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Harris' dad kept record of son

Father tracked son's dealings with school, cops before shootings

Published January 22, 2004 at midnight

The father of Columbine killer Eric Harris kept a record of dealings with his son, including contacts from law enforcement and his school.

Deputies seized the notebook when they searched Wayne and Kathy Harris' home on April 20, 1999, the day that Eric and his best friend, Dylan Klebold, ambushed Columbine High School.

Jefferson County Sheriff Ted Mink said the notebook remains locked in an evidence vault at the sheriff's headquarters in Golden.

The document is described in investigative reports as a "green steno notebook" and was found in a "main level family room desk." It is classified as evidence item No. 201.

Until now, Jefferson County authorities have never publicly acknowledged its existence. But its contents could help answer lingering questions about what school and sheriff's officials knew about Harris before the Columbine tragedy.

Kate Battan, the lead investigator in the Columbine case, said detectives never talked to the Harrises about the notebook because they were unable to formally interview the couple.

The only meeting between authorities and Wayne and Kathy Harris occurred on Oct. 25, 1999, and it amounted to a negotiating session over rules for a possible interview. No interview was conducted, however.

The notebook mentions contacts from the Jefferson County Sheriff's Office and Columbine High, the Rocky Mountain News has learned.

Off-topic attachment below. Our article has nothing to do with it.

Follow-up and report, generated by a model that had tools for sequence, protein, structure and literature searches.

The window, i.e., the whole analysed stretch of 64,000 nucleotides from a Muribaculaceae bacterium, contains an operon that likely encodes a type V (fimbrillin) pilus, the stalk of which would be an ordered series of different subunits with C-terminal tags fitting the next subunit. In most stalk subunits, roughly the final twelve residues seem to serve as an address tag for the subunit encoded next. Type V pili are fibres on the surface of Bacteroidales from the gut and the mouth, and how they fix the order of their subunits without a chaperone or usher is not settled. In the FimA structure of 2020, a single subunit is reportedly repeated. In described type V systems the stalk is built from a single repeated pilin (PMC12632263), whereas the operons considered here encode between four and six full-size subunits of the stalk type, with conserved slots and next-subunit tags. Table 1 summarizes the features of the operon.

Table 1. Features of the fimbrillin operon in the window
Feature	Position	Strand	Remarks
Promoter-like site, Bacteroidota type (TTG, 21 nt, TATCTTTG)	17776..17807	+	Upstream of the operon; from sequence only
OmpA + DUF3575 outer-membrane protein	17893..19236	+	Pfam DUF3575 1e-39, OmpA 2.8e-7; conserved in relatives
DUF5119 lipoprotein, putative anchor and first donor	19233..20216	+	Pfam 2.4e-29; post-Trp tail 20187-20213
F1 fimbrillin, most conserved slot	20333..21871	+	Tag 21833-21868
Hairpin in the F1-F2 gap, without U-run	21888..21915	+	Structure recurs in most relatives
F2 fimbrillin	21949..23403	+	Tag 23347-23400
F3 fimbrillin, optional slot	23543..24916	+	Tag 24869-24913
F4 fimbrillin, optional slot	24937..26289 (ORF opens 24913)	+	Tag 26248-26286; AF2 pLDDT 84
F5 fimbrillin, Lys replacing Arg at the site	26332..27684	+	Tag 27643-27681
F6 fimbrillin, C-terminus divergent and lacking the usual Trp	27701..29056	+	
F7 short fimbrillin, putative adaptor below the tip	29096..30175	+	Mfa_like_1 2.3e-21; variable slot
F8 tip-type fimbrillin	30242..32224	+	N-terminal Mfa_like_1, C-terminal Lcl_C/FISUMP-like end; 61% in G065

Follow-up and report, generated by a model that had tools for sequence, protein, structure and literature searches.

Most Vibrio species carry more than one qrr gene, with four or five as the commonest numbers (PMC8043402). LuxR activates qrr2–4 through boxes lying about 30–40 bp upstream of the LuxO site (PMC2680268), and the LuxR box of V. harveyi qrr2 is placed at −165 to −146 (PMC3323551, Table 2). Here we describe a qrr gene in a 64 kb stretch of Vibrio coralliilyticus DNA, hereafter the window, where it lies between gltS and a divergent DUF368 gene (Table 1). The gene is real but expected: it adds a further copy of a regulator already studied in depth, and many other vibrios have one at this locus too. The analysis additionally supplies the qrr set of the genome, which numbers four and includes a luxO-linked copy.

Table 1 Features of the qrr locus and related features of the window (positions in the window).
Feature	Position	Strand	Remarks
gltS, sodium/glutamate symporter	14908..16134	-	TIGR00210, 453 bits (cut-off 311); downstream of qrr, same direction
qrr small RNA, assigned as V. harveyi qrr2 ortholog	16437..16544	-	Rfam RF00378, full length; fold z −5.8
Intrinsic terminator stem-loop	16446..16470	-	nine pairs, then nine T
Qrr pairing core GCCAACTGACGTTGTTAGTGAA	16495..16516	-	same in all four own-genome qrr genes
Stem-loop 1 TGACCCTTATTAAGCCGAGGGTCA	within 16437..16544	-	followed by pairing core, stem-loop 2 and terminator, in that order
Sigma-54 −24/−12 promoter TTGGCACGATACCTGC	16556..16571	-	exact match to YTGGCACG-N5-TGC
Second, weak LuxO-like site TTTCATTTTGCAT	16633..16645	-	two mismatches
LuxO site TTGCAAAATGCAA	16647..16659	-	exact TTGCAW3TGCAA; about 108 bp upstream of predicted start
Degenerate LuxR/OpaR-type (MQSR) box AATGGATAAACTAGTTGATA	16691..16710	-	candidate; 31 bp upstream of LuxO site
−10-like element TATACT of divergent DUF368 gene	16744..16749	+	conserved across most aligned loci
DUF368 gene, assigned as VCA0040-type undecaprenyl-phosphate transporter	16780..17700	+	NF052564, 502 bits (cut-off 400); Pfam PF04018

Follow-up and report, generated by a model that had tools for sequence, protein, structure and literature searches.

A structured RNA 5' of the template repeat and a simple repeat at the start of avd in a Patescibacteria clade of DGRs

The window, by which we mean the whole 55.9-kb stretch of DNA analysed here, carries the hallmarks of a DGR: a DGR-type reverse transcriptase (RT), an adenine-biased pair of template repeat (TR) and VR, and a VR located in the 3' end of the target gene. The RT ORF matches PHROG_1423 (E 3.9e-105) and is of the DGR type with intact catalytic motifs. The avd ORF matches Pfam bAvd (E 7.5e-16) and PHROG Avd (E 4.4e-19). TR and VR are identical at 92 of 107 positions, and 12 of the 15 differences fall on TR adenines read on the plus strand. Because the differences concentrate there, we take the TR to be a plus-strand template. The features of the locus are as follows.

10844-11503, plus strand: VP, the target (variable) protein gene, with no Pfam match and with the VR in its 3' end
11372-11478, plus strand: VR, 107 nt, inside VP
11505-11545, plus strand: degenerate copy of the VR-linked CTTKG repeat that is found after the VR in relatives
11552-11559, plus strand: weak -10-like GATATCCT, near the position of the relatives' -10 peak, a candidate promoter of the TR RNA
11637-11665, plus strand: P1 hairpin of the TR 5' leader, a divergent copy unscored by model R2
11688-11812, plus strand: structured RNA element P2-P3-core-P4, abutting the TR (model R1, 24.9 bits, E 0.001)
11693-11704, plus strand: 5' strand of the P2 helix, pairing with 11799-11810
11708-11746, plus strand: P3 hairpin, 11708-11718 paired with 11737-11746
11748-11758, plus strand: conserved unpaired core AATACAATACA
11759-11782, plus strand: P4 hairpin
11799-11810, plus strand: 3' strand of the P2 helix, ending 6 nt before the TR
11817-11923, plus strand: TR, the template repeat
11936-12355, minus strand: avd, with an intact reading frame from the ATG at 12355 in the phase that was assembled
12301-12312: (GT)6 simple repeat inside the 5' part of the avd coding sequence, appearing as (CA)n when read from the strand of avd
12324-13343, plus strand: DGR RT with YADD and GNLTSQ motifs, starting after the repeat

The Harrises' attorney, C. Michael Montgomery, was unavailable for comment on Wednesday, his office said.

Eric Harris and Klebold attempted to blow up Columbine with two large, homemade bombs they put in the school cafeteria. When the crude bombs turned out to be duds, the seniors embarked on a shooting rampage, killing 12 students and a teacher and wounding more than 20 others before killing themselves.

Battan was asked if she found the notebook interesting when she read it.

"Absolutely," she said.

But Battan and Mink declined to discuss what is in it, citing a court ruling in May 2002 by Jefferson County District Judge Brooke Jackson.

He concluded that items seized from the killers' homes did not automatically fall under state open records laws.

"To discuss the contents of something the court has said, 'Don't release,' to me violates a court order," Battan said.

Jefferson County has referred to Jackson's ruling in denying several requests from the News for copies of the notebook.

Jackson's ruling has been appealed. The Colorado Court of Appeals could decide on the issue at any time.

Wayne and Kathy Harris have never publicly spoken about their son.

They were, however, deposed in federal court last summer as part of another court case, one filed by several victims' families against the killers' parents.

That case was settled, and the terms have not been made public.

The Harrises have asked that evidence seized from their home be returned.

Wayne Harris in September 2000 signed for the return of more than 120 items - including a computer, a pocketknife, photographs, a graduation announcement, a sawed-off BB gun and medical records.

But the department kept other evidence - including the notebook - that investigators said they believed was linked to the Columbine case.

"We argued that those things that can absolutely be connected to Harris and Klebold, the events of April 20 or the behavior of Harris and Klebold, those things we got to keep," Battan said.

Battan said Solvay Pharmaceuticals requested the notebook as part of its defense in another court matter, a civil lawsuit filed by injured Columbine student Mark Taylor.

Solvay makes the drug Luvox, which Harris was taking when he attacked his school.

The lawsuit, in U.S. District Court, was settled last February and the notebook was returned to the sheriff's evidence room.

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